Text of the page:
American Constantine

The Abeng | vol 4, no.1
May 19, 2020
July 16, 2020

American Constantine

June 2, 2020

“Ah, Constantine, how much evil you gave birth to, not in your conversion, but in that Donation.” So wrote Dante (Inferno, Canto 19) in the fourteenth century about the fabrication, the “fake news,” that helped consolidate and justify the worldly power of “the Church,” now the churches (with the Reformation as refractions of social, ideological, economic, and political formations) in the history of the western colonial and even post-colonial world. The idea of the “donation” turned around the “fake” notion that the emperor of the fourth century Constantine had granted or handed over to the church some of the worldly or political authority and power then thought “naturally” invested in the emperor.  Naturalization of such fabrication required strategic and careful and sustained manipulation of what cultural critic Michel Foucault called “discourse,” freighted shorthand for signs, symbols, images, texts (scriptures). Foucault also aptly and pointedly argued that “discourse” represented weapons of manipulation toward naturalization, a kind of “violence we do”—to things and each other.

President Donald J. Trump walks from the White House Monday evening, June 1, 2020, to St. John’s Episcopal Church, known as the church of Presidents’s, that was damaged by fire during demonstrations in nearby LaFayette Square Sunday evening. (Official White House Photo by Shealah Craighead)

Yesterday, in Washington, D.C., Donald Trump made himself an American Constantine by performing for us what I should like to name American scripturalization—a violent regime of signs and symbols, scriptures. Crass, classless, creepy—his performance of mimetic scripturalization, of the regime already firmly sedimented, was all of these. In front of St. John’ Church—an easily recognized site-symbol of the American nexus of church and state as registration of power, our clownish American Constantine per-form-ed religious “scriptures” through the office already granted him by political “scriptures” (the Constitution). As our American Constantine redivivus he thereby appeared with his awkward handling and showcasing of the (U.S. protestant-inflected already sanctioned, made dominant or authoritative by dominant figures and formations) scriptures to “donate,” to arrogate—(back) to himself!—the authority or power of the religious sphere.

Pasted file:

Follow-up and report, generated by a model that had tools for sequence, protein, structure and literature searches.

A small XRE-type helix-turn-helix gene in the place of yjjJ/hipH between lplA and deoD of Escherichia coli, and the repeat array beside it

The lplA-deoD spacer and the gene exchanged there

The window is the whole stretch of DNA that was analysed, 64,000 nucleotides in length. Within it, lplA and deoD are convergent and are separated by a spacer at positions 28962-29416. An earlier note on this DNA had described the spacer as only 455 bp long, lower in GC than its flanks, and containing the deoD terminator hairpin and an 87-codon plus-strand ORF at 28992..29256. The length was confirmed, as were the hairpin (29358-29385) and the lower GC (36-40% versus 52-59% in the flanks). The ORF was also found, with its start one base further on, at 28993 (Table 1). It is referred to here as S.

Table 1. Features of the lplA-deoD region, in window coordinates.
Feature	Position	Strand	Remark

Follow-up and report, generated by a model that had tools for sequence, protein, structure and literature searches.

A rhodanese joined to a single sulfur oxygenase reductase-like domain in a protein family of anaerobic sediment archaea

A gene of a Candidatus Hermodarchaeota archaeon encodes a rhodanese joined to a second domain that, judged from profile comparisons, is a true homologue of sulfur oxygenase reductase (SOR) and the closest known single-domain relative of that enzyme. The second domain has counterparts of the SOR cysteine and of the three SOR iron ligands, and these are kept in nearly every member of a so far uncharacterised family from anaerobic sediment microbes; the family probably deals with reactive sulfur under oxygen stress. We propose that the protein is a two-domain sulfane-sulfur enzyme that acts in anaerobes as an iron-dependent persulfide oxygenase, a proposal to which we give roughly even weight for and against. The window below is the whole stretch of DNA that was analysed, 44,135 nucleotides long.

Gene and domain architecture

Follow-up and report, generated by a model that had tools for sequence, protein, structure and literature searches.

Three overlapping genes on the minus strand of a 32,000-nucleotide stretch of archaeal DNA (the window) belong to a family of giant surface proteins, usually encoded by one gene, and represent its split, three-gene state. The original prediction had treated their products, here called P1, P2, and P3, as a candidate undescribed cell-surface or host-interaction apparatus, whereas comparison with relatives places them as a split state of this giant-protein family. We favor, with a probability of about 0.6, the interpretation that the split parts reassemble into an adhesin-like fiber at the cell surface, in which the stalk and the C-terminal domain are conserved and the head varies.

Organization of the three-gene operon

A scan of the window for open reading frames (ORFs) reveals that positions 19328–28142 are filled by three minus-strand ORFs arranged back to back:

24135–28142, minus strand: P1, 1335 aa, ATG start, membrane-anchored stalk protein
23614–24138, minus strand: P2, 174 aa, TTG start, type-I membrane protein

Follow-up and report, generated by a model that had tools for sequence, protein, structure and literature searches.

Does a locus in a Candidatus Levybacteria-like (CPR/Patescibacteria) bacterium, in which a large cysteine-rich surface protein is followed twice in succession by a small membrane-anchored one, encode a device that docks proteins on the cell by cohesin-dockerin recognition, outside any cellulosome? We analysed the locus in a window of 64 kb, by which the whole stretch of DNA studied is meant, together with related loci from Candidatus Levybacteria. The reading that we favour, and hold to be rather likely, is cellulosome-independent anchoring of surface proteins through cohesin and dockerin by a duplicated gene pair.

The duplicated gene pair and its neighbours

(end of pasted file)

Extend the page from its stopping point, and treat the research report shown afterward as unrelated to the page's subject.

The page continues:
The entire performance–of American-style mimetic scripturalization–was so hapless, so simplistic, so much the atmospherics set up by the carnival-barker, the reality TV persona, that Trump has paradoxically and (as usual) unwittingly provided opportunity for critical thinking about how such fabrications and naturalizations have worked and continue to work as a kind violence in the modern world. Normally such “white men’s magic,” as I have preferred to call it, with its scripturalizations/naturalizations/hierarchicalizations of race, gender, class, and so forth–requires a bit more behind-the-curtains work, complete with occluding rites and obscuring exegesis. But with this most recent mimetic stunt our American Constantine has shocked many to the core, provoking harrumphs from all quarters and in all sorts of media and genres—in amorphous odes to love as alternative; in all too expected (self-styled liberal) churchly denunciations; in political-tribal denials and/or loud silences. This is because the stunt lowered the threshold for discerning the work of the magic: it helps us to see how ridiculous and how fragile and “fake” all of it is. And it provokes us into considering how important it is going forward to put focus not on exegesis but on deep and wide (critical trans-disciplinary) excavation–of the psycho-social-patho-logics and politics of the phenomenon and dynamics of the performance of the scriptural, the regime of scripturalization. Only sustained focus on the problematics of the latter will help us understand how we have been scripturalized, the deep wounding effects of scripturalization, what we are as a scriptural formation; and how we have come naturally to “read”—black bodies (on the streets and elsewhere); and the gestures and otherwise incoherent soundings (from our performing reader-in-chief), as examples we cannot and must not avoid these days–on rather consequential terms.  

Constantine, Constantine, how much evil we have enabled you to do!


Vincent L. Wimbush, Ph.D., is a scholar of religion and is currently director of an independent trans-disciplinary research organization called The Institute for Signifying Scriptures.

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